Monday, April 29, 2013
Zelda Fitzgerald, wife of F. Scott Fitzgerald, was famous for her shenanigans as a flapper and ex-patriot during the roaring 20's. She and Scott traveled through Europe playing with Hemingway and other wealthy artists. But her later life was not so rosy. In Call Me Zelda, Erika Robuck presents Zelda's harrowing, manic struggles with mental illness and Scott's terrible alcoholism through the eyes of Anna, a loyal nurse. The novel shows an interesting view of Zelda's life, far removed from the fast-paced Jazz Age.
Similar in style Robuck's Hemingway's Girl, which I read last fall and very much enjoyed, Call Me Zelda is as much or more about Anna than Zelda. In fact, I didn't feel very connected to Zelda or Scott in this book. They felt like only prop characters in the background and even though the events they were going through at the time were terribly emotional, there were only brief moments in this novel that seemed to adequately capture their passion.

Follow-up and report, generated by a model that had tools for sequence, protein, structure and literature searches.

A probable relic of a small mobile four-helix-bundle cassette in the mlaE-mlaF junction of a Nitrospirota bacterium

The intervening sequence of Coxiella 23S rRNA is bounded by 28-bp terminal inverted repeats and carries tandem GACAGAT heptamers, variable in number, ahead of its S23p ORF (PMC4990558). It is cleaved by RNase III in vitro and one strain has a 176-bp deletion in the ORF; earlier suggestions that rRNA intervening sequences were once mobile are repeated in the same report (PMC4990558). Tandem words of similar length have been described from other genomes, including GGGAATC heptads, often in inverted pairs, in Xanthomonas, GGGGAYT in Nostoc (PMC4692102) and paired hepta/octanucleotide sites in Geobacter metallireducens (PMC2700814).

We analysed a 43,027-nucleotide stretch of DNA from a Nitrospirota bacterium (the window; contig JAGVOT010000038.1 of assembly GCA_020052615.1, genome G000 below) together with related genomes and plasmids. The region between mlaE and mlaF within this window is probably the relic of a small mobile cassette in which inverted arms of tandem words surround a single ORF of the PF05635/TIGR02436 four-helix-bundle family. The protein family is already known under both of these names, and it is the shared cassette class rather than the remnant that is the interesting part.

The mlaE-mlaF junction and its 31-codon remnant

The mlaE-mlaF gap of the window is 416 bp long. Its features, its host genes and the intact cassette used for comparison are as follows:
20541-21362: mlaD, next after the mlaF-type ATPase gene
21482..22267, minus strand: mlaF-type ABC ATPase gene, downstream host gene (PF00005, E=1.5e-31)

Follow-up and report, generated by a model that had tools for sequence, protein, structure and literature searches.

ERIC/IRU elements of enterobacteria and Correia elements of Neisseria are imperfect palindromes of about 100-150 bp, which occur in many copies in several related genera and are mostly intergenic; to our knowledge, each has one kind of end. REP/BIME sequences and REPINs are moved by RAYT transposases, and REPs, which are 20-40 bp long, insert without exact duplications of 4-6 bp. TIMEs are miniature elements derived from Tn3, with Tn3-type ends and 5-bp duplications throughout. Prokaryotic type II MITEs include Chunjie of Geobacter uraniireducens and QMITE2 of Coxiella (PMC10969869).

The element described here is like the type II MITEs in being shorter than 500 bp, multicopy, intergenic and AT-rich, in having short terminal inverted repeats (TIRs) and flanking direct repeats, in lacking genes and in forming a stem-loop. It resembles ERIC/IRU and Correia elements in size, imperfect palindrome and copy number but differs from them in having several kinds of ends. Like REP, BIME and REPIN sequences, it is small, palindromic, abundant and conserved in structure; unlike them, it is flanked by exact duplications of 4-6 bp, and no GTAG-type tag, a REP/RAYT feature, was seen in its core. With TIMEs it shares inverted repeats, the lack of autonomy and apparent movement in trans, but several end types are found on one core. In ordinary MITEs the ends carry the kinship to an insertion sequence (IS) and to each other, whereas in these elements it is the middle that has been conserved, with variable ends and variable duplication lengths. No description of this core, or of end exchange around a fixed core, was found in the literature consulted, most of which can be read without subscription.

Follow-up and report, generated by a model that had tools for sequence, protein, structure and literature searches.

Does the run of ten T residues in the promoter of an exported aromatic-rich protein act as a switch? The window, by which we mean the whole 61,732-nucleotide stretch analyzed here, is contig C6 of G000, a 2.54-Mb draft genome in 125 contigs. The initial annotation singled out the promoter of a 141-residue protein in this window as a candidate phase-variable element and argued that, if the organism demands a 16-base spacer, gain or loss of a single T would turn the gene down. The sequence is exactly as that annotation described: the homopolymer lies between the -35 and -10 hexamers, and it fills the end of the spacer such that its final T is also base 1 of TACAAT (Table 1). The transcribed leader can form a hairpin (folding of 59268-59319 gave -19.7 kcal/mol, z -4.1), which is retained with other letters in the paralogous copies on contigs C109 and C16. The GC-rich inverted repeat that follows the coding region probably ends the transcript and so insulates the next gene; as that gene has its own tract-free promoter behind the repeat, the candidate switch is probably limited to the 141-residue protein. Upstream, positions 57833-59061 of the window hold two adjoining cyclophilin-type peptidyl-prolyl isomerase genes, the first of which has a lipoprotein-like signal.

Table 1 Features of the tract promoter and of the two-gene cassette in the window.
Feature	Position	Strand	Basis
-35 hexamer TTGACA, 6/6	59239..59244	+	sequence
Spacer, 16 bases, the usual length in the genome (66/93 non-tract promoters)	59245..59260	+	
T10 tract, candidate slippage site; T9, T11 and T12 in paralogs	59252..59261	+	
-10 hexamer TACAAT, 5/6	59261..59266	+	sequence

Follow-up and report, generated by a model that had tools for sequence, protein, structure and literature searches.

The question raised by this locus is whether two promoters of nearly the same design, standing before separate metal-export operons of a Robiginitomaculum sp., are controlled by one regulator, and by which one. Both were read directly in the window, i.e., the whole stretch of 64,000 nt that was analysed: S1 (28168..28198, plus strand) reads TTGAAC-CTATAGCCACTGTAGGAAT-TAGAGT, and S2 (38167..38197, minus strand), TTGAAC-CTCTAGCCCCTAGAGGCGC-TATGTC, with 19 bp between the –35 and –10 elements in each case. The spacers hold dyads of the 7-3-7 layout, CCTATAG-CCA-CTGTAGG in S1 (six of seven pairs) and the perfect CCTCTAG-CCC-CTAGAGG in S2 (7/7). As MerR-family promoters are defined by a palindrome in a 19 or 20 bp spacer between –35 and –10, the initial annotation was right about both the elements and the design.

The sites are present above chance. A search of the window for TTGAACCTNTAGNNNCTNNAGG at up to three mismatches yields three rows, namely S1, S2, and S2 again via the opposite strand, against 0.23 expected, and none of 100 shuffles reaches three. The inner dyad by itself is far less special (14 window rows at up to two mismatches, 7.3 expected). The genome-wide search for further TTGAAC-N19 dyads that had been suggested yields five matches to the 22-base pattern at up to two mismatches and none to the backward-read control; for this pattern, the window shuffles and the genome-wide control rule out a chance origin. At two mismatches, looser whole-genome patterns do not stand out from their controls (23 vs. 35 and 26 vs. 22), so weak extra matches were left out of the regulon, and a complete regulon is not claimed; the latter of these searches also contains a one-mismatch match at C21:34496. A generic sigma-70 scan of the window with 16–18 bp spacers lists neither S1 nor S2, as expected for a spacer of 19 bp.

Anna's story never grasped by attention as well as Mariella's story in Hemingway's Girl. In Call Me Zelda, the writing is crisp and fine tuned but seems to skirt upon the surface of the deeper feelings and emotions of the characters. The ending feels completely disconnected with the rest of the novel and at several points the pace lagged. I had very high hopes for this novel, since I am a fan of Hemingway's Girl and because I am fascinated by the Fitzgeralds, but ultimately Call Me Zelda was just not as good.
** I received a complimentary copy of Call Me Zelda in exchange for an honest review. No additional compensation was received. **
Posted by Cindi at 9:25 AM